Species Survival Plans Save Animal Populations, One Dove at a Time

So, what’s a studbook keeper?

You may have noticed Reid Park Zoo talks about “Species Survival Plans” or “SSPs” quite a bit — but what are Species Survival Plans and who is in charge of figuring out what those plans are going to be?

Alex Zelazo-Kessler, one of the Zoo’s Animal Care Supervisors, has been the studbook keeper for Jambu fruit doves for 5 years. While there are none of these doves at Reid Park Zoo, Alex has a great passion for birds and this bird in particular. She has a record of all the Jambu fruit doves in every AZA zoo: how many there are, who they’re related to, and what their health is like throughout their lives. She says it’s similar to a horse or dog’s pedigree, or human genealogy. 

“Being closely involved with a specific species can be very rewarding in many ways,” according to Alex. “I love that I can help to make sure that Jambu fruit doves are able to be seen by zoo guests for a long time to come and that I’ve made contacts with keepers and curators all over the world. If I have questions about almost anything I know an expert in that area!”

Like any other prestigious job, Alex had to apply to be the studbook keeper. “I had to send an application to the Columbiformes T.A.G. (pigeon and dove taxon advisory group). I sent my resume and a letter explaining my qualifications and why I wanted to work with the Jambu fruit dove population. I also needed the Zoo to send a letter stating that they would support me in this position.” She also had to travel to West Virginia to attend two courses run by the Association of Zoos and Aquariums: Population Management I and II.

Species Survival Plans are important for the world’s populations, as these records can help Keepers to make sure that there is enough genetic diversity to breed animals within the AZA community. “The Jambu fruit dove population is very small, only a little over 40 birds, so it’s important that zoos aren’t breeding birds that are too closely related. It’s interesting to me that I can see which zoos or individuals are having lots of success, and try to figure out why. Then I can pass those ‘best practices’ on to other zoos.” 

Being a studbook keeper comes with quite a bit of added responsibility, and these books are managed on a volunteer basis, meaning studbook keepers like Alex manage these records on their own time. Alex needs to make sure that zoos that house the Jambu fruit doves are actively communicating with her on all progress made, all new birds hatched, and any updates. It is through that information that Alex decides which doves are moved to different zoos to hopefully breed with the doves that are already housed there. “Because my population is small I need a lot of cooperation from every zoo involved. This year I decided to move several birds to a few zoos that specialize in breeding fruit doves. Understandably, some zoos didn’t want to send their birds away. However, once I explained that I believe that this is the best way to increase the Jambu fruit dove population, most of them were happy to help.”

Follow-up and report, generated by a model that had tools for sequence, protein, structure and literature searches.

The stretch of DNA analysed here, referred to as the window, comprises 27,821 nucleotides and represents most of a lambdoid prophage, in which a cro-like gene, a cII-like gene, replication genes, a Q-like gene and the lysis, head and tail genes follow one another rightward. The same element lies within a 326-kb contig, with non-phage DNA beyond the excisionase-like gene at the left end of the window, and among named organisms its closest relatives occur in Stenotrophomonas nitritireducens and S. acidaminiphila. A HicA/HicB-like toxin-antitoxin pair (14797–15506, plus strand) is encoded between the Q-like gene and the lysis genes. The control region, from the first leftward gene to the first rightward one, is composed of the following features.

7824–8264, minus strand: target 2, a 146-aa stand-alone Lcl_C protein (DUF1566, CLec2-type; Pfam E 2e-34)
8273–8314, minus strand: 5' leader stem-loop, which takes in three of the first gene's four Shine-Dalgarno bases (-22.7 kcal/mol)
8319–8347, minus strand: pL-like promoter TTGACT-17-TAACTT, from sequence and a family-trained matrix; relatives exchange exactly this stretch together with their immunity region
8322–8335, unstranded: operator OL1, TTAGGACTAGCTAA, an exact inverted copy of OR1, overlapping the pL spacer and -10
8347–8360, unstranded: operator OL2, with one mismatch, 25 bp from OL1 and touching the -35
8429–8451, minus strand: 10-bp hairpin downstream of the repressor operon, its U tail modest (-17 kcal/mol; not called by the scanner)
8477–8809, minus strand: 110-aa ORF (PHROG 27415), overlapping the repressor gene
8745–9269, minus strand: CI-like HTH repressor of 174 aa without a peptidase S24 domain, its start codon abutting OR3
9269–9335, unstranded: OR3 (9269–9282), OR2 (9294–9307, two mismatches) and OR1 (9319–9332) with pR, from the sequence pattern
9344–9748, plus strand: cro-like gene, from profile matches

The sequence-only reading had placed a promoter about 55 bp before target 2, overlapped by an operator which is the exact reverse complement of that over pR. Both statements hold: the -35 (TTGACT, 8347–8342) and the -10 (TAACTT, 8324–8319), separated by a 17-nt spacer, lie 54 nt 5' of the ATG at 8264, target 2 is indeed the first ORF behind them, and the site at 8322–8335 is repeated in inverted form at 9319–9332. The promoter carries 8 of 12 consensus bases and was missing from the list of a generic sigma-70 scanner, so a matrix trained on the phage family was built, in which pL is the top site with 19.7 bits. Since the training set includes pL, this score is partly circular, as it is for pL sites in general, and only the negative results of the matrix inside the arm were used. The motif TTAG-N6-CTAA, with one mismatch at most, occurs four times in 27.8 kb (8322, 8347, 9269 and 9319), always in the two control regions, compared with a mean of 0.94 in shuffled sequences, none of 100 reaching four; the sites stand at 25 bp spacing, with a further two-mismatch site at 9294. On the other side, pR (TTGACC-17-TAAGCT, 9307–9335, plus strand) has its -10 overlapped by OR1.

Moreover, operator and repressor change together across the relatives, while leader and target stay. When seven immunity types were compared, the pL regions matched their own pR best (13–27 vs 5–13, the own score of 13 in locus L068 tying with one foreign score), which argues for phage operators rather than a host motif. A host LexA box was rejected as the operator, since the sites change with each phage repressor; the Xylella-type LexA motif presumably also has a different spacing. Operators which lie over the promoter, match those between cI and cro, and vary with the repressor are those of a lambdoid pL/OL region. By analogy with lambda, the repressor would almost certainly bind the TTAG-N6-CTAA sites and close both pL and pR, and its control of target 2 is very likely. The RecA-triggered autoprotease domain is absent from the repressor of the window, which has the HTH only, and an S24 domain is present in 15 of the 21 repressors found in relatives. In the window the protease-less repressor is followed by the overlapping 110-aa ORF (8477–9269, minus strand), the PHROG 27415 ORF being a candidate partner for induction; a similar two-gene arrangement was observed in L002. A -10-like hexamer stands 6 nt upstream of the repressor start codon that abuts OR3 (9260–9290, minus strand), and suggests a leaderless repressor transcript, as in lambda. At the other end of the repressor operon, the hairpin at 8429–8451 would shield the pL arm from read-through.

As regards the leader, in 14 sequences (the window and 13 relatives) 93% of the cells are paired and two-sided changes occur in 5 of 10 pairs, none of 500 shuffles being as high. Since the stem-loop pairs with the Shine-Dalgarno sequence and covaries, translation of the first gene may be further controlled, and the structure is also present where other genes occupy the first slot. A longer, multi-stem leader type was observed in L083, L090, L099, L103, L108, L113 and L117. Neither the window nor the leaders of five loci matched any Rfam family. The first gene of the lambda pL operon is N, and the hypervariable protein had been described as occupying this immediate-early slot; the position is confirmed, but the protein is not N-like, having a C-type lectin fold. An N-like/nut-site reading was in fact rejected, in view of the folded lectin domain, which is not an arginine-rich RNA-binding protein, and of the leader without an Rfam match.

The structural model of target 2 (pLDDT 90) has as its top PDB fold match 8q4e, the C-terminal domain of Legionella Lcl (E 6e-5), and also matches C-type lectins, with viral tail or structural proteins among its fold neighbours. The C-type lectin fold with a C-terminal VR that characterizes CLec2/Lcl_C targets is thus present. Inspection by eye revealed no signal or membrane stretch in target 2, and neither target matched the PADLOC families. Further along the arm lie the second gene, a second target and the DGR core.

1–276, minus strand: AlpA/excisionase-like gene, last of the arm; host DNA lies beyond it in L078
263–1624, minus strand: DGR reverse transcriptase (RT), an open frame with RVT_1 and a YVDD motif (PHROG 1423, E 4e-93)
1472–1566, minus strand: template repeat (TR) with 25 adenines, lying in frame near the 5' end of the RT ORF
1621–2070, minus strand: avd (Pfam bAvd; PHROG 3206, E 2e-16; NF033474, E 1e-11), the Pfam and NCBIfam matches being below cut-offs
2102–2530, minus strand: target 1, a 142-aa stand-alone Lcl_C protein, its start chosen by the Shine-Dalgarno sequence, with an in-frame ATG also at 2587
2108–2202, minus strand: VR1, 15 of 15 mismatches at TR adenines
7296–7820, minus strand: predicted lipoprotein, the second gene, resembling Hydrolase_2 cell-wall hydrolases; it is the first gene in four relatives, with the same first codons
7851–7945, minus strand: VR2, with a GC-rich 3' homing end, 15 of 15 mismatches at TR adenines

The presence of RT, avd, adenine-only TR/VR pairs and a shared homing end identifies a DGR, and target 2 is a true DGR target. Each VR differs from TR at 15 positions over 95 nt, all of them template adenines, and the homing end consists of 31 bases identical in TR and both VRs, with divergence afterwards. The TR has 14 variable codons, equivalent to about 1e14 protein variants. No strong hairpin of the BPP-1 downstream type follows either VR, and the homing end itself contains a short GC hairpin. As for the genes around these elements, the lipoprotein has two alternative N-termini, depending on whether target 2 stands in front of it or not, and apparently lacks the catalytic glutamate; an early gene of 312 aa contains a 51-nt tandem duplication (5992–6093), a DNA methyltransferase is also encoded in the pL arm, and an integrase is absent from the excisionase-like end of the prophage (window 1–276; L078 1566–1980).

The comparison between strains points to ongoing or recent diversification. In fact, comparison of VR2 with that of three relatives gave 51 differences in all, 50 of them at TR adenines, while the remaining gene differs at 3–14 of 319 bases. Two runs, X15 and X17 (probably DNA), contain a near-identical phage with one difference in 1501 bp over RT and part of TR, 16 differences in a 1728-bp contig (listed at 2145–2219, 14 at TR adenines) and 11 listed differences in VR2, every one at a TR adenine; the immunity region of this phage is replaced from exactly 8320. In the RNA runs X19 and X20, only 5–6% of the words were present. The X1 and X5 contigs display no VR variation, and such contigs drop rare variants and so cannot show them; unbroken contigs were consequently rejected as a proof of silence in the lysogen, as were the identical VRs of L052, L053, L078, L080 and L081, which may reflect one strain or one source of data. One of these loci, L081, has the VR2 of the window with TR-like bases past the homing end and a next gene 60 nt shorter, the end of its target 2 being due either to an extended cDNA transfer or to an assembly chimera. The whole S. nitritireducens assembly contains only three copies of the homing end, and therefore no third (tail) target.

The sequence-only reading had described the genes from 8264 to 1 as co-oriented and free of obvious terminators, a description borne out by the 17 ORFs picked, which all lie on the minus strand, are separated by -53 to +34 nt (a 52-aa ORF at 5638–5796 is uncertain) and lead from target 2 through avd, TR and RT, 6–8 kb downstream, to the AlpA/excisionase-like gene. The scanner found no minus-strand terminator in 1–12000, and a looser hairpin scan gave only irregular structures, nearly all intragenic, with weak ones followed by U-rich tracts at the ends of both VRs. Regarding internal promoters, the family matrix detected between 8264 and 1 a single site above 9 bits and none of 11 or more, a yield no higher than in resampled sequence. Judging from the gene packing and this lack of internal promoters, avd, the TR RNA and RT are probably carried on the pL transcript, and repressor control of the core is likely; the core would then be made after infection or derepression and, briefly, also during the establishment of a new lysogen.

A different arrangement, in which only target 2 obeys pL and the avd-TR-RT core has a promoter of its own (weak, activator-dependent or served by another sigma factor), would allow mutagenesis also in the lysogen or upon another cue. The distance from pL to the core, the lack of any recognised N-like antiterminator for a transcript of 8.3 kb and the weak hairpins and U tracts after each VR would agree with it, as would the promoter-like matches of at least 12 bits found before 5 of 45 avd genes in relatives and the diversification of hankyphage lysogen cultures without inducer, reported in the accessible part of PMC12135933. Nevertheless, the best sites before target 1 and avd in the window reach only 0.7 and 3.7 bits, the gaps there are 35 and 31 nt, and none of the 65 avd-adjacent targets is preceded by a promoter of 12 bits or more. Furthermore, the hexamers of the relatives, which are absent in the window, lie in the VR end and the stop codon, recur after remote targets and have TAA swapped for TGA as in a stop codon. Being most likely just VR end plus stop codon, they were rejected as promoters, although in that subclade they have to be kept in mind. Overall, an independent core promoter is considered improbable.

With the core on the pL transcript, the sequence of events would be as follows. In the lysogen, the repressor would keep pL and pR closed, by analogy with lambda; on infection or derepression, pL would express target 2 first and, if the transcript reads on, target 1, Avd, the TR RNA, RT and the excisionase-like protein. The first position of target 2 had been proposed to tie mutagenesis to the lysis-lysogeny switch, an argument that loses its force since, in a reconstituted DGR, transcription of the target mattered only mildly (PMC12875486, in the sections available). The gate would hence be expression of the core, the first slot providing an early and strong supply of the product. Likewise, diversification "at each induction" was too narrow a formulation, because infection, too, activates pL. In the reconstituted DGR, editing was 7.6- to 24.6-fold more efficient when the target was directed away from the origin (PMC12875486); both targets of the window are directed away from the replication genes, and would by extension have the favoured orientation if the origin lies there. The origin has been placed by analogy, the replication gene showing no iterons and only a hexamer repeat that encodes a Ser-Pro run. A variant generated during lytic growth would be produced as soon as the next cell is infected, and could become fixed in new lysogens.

Another aspect of being a studbook keeper is helping cultivate a good understanding of how these animals are doing outside of zoos, and to ensure they continue to thrive in the wild. “There are several species of fruit doves that are having trouble in the wild. By learning what Jambu fruit doves need to thrive, I am collecting information that may help save an endangered species.” 

Alex is excited to branch out beyond the AZA community to make sure that everyone is doing what is best for the Jambu dove’s population. “In a few years, I will have more birds to send to more zoos. I am also hoping to coordinate with a zoo in Singapore that houses Jambu fruit doves. If we can exchange birds it will help the genetic diversity of both our populations. This will take planning and funding, but I am committed to making it happen.”

Managing SSPs are a big undertaking, and thankfully, Alex gets quite a bit of help from other keepers, biologists and members of the animal community. “Every three years I publish my data as a formal AZA Regional Studbook. Once the studbook is published I work with a population biologist at AZA to create a Breeding and Transfer Plan. This is a list of all the current birds, who each bird should breed with, and how many chicks they should have. Genetics play a big part in this part of the plan but I also have to consider where birds are located and the temperament and age of each bird. For example, I would probably not want to send a bird from the East coast to the West coast if a suitable mate could be found one state away. This plan is sent as a draft to all zoos that house Jambu fruit doves and they give me feedback. I take that feedback and create a final Breeding and Transfer Plan. I always include a little extra in my plans such as pictures of successful nests (Jambu fruit doves often don’t make their own nests), or the diets provided to successful breeding pairs.”

Alex has gone above and beyond to help maintain this dove population and to make sure they thrive. Keepers at Reid Park Zoo take amazing care of all the animals housed here, and even animals that aren’t. This is a true testament to supporting the Zoo’s mission to “ensure the protection of wild animals and wild places.”